• The PNA was governed by New York law but the parties agreed that this court should interpret it by reference to the ordinary meaning of words, common sense, and the intentions of the parties, what the agreements, properly interpreted, provide for W. Mostyn J used the notional voice of the ordinary person as the Commuter on the Bronx Subway. Mostyn J described this as his mental image of the New York equivalent to the Man on the Clapham Omnibus.
  • There were 10 separate issues of interpretation that Mostyn J was asked to determine in relation to the agreement. In his judgment, Mostyn J goes through each of these issues in turn and provides his conclusion. This summary shall only deal with those issues of particular relevance.
  • One of the issues related to latent tax where there was US capital gains tax on two properties. H proposed that these liabilities should be shared when calculating the net proceeds of sale. W argued that H would never pay such taxes because he has millions of dollars of unused losses which he will be able to apply to extinguish the tax liability. H’s response was that a tax loss was no different from cash in the bank. Mostyn J set out cases which considered this issue (paras 65-68). Mostyn J determined that the taxes are real and H would have to pay them with money or with other assets in the shape of tax losses. There is no difference in principle or substance between H paying a tax debt in cash or eliminating it by deploying a loss. The latent tax figures were therefore taken into account in the calculations of the net proceeds.
  • There were provisions in the PNA for H to pay up to $750,000 of W’s legal fees. There was also a provision that if either party commences an action to set aside or vacate the PNA or for spousal support then that party shall be responsible for paying all of the other party’s reasonable legal fees.
  • H paid £2.3m of W’s legal fees in the children act proceedings. H argued that he should be reimbursed for the amount over the $750,000 cap.
  • Mostyn J held that the $750,000 cap was arbitrary and has the potential to be extremely unfair. There was also nothing in the agreement to prevent H paying W’s legal fees on a voluntary basis above the cap and this is what Mostyn J found H had done and it would be grossly unfair to require W to reimburse H for these costs and Mostyn J declined to do so.
  • H also sought for W to repay the amount H had paid for her financial remedy costs and to pay his financial remedy costs both at about £2.1m (minus the costs orders made by the Court at enforcement hearings against H).
  • Mostyn J considered that, having regard to the general rule of no order as to costs, that W should not pay H’s costs and concluded this was not required under the PNA. However, Mostyn J could not see any good reason for W not to pay her own costs with credit for the costs orders she had obtained.
  • Following distribution of this judgment, W’s legal team had informed Mostyn J that there were further costs not captured for the hearings where Mostyn J had made costs orders against H. There was no explanation about why these costs had been omitted and Mostyn J was not prepared to enlarge H’s liability based on this late submission. The Form N260 should have been accurate.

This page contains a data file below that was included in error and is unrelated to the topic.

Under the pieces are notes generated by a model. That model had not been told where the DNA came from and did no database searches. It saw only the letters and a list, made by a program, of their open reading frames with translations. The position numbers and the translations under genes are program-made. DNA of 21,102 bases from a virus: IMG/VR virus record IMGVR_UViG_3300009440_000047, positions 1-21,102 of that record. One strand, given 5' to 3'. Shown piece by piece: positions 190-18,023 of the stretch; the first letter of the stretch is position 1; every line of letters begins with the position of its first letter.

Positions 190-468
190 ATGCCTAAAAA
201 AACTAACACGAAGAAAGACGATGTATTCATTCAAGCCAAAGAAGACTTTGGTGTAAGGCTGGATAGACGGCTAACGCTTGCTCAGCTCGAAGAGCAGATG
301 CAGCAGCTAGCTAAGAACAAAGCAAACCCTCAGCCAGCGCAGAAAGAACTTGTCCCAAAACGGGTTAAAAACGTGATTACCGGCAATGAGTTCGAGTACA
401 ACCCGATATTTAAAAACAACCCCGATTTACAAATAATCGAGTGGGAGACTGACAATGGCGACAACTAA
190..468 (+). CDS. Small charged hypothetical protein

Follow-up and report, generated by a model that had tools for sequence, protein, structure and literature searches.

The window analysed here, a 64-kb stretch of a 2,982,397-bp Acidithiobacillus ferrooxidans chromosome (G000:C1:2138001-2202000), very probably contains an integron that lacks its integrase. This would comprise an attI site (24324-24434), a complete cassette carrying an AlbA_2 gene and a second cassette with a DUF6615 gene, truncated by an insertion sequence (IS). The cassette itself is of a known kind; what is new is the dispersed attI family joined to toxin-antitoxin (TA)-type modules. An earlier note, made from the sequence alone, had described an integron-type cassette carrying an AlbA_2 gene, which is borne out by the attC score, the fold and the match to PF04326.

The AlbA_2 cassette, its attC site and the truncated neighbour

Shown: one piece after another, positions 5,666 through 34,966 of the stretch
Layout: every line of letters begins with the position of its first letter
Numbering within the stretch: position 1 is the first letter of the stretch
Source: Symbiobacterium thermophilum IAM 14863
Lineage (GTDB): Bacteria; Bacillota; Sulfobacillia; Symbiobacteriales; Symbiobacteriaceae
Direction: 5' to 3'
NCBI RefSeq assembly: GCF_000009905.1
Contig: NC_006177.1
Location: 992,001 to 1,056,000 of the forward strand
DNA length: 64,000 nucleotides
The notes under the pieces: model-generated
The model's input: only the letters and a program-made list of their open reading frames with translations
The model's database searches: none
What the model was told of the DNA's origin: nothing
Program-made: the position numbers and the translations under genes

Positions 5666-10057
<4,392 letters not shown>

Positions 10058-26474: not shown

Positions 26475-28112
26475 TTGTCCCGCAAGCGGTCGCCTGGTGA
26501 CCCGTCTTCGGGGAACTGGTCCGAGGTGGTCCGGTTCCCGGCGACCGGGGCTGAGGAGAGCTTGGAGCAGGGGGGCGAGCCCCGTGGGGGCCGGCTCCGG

• W sought £750k as a refurbishment fund for the family home, €300k compensation for stolen jewellery and £450k as a parachute payment to ease her transition to a standard of living several levels below what she had enjoyed hitherto. Mostyn J found these applications were misconceived and in plain breach of the terms of the PNA which W accepted as binding.
  • Following the decisions of Mostyn J on the PNA, W would be entitled to approx. £37m. Mostyn J considered whether following W’s capital needs being met there was a sufficient Duxbury fund to meet W’s ongoing needs. Mostyn J considered what this would provide for W.
  • W sought to have money to leave to her testamentary beneficiaries but Mostyn J held that this was not a reasonable need for the purposes of s25(2)(b) Matrimonial Causes Act 1973 but the Court may grant an enhanced award enabling her to do so on the application of the protean criterion of fairness. Mostyn J did note that given his calculations there would, in any event, be a fund which W could bequeath.
  • W sought child maintenance and Mostyn J set out the applicable legislation and case law at paragraphs 113-138. Mostyn J drew the threads together at paragraph 129.
  • The parties prepared various budgets for W. Mostyn J determined W’s needs which was a 15% cut of W’s proposed household budget and calculated what would be personal expenditure, what she could pay from her own resources and treated the remaining balance as a Household Expenditure Child Support Award. This was a monthly award of £23,100 per child CPI index linked until the child is 18 or completes full-time tertiary education. H to pay school fees and extras. H’s liability to pay for nannies to be capped at £100k per annum, CPI index linked.
  • Mostyn J was satisfied that the child maintenance award should be secured. Firstly, because H has deliberately disobeyed orders for maintenance pending suit necessitating enforcement proceedings on two occasions. Secondly, if it was not secured it would come to an end on the death of H. This security would be as a guarantee by a reputable London bank. The mechanism is described at paragraph 155.
  • Payment of the mortgage on the family home would be pursuant to an undertaking therefore the mortgage repayments did not need to be included within the order for security as this would carry a potential two-year prison sentence for contempt of court if breached.
  • Given the security offered, Mostyn J did not award W a contingent lump sum as a fighting fund.